Wide Receivers / Tight Ends

Michael Gallup, DAL – I probably don’t need to say much about Gallup since he’s about 75 percent owned, but I’ll emphasize that he’s got massive upside in the Cowboys offense and offers the requisite breakaway speed and ability to consistently get open. Gallup played 77 percent of the Cowboys’ snaps from Week 6 forward and ranked near the top of the league in several important categories, including a 14.1 average depth of target (aDOT – 13th highest in the NFL), 5.1 RAC (22nd), and 15.4 YPR (12th). Even more telling was that 31 percent of the passes thrown his way were considered off target, and that number should improve in 2019 as he and Dak Prescott develop even more rapport.

James Washington, PIT – The 2018 second-round pick didn’t really move the needle as a rookie, but he was an explosive downfield playmaker at Oklahoma State and is looking at an increased role with Antonio Brown gone. He’s looked good in the preseason games and is still building chemistry with Ben Roethlisberger, but there’s plenty of upside considering the perennial issues with Donte Moncrief, his main competition for targets. Washington is a possible big-play breakout spot this season if he can carve out an every-down role in this offense. Washington is still available in 25-30 percent of leagues and is exactly the kind of high-risk/high-reward player worth adding before he’s scooped up in all formats.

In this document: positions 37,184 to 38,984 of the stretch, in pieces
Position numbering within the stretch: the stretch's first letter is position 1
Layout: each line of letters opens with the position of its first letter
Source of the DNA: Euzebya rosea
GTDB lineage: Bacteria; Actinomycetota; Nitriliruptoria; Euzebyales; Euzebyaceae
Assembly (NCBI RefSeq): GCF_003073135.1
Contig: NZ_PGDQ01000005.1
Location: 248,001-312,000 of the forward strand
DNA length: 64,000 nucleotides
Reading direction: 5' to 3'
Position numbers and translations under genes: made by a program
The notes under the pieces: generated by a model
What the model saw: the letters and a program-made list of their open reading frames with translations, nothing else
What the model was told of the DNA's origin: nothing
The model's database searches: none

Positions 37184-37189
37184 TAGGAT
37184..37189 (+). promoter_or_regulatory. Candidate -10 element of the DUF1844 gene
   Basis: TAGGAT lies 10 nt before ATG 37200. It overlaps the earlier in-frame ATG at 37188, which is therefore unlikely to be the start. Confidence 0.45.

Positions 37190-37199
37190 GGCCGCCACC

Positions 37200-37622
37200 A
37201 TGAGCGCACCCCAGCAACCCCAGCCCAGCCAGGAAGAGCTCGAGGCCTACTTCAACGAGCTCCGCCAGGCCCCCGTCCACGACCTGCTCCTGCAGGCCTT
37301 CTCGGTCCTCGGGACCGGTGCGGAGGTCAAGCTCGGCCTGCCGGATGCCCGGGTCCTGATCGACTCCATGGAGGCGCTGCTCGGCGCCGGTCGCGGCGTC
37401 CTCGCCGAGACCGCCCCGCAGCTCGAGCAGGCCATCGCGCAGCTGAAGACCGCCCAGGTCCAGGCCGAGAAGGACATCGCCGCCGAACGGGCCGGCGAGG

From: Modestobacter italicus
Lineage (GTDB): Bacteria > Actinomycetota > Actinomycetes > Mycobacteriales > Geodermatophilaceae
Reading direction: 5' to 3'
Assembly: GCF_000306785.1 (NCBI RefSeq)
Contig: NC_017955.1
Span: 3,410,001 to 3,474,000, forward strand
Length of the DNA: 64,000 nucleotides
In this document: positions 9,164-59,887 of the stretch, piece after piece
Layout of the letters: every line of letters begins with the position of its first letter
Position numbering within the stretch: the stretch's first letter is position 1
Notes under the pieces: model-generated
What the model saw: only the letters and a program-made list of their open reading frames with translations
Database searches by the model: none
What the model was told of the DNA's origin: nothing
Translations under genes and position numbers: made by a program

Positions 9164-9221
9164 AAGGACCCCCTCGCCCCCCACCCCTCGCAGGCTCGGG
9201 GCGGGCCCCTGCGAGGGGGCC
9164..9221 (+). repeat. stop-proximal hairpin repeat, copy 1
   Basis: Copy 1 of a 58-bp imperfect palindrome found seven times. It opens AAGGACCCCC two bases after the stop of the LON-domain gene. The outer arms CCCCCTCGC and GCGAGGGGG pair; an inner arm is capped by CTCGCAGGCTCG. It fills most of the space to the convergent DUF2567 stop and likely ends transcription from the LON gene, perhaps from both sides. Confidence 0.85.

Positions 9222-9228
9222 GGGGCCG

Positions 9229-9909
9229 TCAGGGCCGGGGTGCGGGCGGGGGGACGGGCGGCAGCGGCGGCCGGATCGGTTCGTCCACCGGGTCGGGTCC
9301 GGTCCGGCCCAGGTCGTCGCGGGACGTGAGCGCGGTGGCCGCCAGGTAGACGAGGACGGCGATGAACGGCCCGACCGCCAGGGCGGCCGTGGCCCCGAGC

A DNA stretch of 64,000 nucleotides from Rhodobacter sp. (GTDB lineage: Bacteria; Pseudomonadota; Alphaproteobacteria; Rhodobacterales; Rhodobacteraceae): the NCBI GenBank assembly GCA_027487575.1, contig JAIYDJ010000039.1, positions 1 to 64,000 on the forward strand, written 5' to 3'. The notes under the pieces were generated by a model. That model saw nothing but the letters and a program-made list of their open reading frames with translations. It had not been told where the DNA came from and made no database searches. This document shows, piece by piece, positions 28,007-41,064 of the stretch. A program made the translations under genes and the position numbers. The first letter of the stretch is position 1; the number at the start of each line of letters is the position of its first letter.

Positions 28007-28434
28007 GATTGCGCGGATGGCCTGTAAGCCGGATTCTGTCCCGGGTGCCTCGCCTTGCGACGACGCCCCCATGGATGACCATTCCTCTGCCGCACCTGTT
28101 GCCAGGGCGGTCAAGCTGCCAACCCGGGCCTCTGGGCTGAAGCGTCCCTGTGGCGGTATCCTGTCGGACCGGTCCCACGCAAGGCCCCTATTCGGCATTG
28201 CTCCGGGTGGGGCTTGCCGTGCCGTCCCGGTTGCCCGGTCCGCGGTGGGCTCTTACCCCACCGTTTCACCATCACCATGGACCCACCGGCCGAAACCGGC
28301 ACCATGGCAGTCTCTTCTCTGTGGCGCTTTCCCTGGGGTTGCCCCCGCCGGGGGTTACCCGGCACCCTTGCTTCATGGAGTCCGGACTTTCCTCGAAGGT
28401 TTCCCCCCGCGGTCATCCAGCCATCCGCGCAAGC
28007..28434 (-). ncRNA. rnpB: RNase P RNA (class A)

Jamison Crowder, NYJ – Crowder (60-65 percent owned) has an impressive fantasy résumé and looks to slot in between Robby Anderson and Quincy Enunwa (a personal favorite of mine) in this burgeoning Jets offense. New head coach Adam Gase has made good use of his receivers, which adds to Crowder's upside. If he can stay healthy, Crowder could be a sneaky add in PPR leagues (he saw 103 targets in 2017) and a versatile on-field WR.